secant
[ seekant, kuh nt ]
/ ˈsi kænt, kənt /

noun
Geometry. an intersecting line, especially one intersecting a curve at two or more points.
Trigonometry.
 (in a right triangle) the ratio of the hypotenuse to the side adjacent to a given angle.
 (originally) a line from the center of a circle through one extremity of an arc to the tangent from the other extremity.
 the ratio of the length of this line to that of the radius of the circle; the reciprocal of the cosine of a given angle or arc. Abbreviation: sec
adjective
cutting or intersecting, as one line or surface in relation to another.
Origin of secant
Related formsse·cant·ly, adverb
Dictionary.com Unabridged
Based on the Random House Unabridged Dictionary, © Random House, Inc. 2019
Examples from the Web for secant
British Dictionary definitions for secant
secant
/ (ˈsiːkənt) /
noun
(of an angle) a trigonometric function that in a rightangled triangle is the ratio of the length of the hypotenuse to that of the adjacent side; the reciprocal of cosineAbbreviation: sec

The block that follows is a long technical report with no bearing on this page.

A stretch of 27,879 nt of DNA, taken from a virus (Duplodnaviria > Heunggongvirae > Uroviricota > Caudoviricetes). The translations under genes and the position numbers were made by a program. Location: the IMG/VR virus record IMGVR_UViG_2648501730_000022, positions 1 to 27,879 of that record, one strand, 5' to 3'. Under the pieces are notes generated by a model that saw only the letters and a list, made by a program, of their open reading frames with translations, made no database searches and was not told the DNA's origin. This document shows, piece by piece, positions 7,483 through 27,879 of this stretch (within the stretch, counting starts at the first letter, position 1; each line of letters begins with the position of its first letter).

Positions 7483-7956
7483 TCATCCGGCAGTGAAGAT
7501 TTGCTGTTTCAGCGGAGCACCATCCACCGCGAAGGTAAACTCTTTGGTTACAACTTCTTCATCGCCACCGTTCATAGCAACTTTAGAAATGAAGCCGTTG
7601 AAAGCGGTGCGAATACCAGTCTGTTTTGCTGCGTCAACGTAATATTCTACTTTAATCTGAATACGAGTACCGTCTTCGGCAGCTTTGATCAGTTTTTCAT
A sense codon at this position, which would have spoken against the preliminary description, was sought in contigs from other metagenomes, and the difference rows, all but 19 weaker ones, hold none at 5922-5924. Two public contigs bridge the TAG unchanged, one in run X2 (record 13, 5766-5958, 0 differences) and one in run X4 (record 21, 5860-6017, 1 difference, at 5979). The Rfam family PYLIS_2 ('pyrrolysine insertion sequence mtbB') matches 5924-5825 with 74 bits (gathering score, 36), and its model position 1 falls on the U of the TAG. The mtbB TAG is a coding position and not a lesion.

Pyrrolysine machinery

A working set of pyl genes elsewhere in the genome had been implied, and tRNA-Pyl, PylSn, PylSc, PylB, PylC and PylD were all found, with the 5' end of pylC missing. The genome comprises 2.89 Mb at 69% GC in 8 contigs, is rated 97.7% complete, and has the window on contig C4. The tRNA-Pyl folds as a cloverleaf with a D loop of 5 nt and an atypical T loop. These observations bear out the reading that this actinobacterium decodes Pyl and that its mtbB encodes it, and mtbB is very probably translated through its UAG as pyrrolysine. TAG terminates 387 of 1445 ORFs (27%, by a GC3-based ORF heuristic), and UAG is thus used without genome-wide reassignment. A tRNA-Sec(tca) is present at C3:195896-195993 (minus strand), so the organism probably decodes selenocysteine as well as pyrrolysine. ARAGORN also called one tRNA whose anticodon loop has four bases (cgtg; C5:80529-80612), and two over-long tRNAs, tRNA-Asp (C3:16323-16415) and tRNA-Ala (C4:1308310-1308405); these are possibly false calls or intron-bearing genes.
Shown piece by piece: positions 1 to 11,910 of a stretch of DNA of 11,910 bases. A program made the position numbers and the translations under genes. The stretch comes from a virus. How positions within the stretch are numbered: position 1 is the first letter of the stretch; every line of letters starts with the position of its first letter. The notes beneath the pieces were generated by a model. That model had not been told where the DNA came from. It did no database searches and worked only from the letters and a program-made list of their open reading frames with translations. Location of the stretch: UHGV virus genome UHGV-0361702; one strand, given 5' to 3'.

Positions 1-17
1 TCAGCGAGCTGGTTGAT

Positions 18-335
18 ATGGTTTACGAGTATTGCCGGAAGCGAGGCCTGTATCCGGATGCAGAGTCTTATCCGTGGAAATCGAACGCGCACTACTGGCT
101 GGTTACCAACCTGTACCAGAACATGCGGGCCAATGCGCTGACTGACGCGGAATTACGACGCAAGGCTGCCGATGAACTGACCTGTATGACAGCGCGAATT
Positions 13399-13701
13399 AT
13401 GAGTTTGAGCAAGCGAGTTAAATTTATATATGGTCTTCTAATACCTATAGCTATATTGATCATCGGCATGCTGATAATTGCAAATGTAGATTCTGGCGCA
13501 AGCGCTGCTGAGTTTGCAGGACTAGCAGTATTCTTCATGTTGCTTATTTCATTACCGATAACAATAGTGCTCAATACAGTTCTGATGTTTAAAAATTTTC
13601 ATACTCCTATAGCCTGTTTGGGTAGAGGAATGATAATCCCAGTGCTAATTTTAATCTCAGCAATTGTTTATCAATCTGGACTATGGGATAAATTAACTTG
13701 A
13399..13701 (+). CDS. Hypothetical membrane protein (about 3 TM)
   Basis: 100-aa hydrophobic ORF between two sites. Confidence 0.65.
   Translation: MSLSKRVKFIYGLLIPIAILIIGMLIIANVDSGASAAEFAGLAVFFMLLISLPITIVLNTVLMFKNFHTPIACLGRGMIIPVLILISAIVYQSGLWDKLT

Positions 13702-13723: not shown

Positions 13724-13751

a line that intersects a curve
Derived Formssecantly, adverb
Word Origin for secant
C16: from Latin secāre to cut
Collins English Dictionary  Complete & Unabridged 2012 Digital Edition
© William Collins Sons & Co. Ltd. 1979, 1986 © HarperCollins
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Word Origin and History for secant
secant
1590s, from Latin secantem (nominative secans) "a cutting," present participle of secare "to cut" (see section (n.)). First used by Danish mathematician Thomas Fincke in "Geometria Rotundi" (1583).
Online Etymology Dictionary, © 2010 Douglas Harper
Science definitions for secant
secant
[ sē′kănt′ ]
A straight line or ray that intersects a curve, especially a circle, at two or more points.
The ratio of the length of the hypotenuse in a right triangle to the side adjacent to an acute angle. The secant is the inverse of the cosine.
The reciprocal of the abscissa of the endpoint of an arc of a unit circle centered at the origin of a Cartesian coordinate system, the arc being of length x and measured counterclockwise from the point (1, 0) if x is positive or clockwise if x is negative.
A function of a number x, equal to the secant of an angle whose measure in radians is equal to x.
The American Heritage® Science Dictionary
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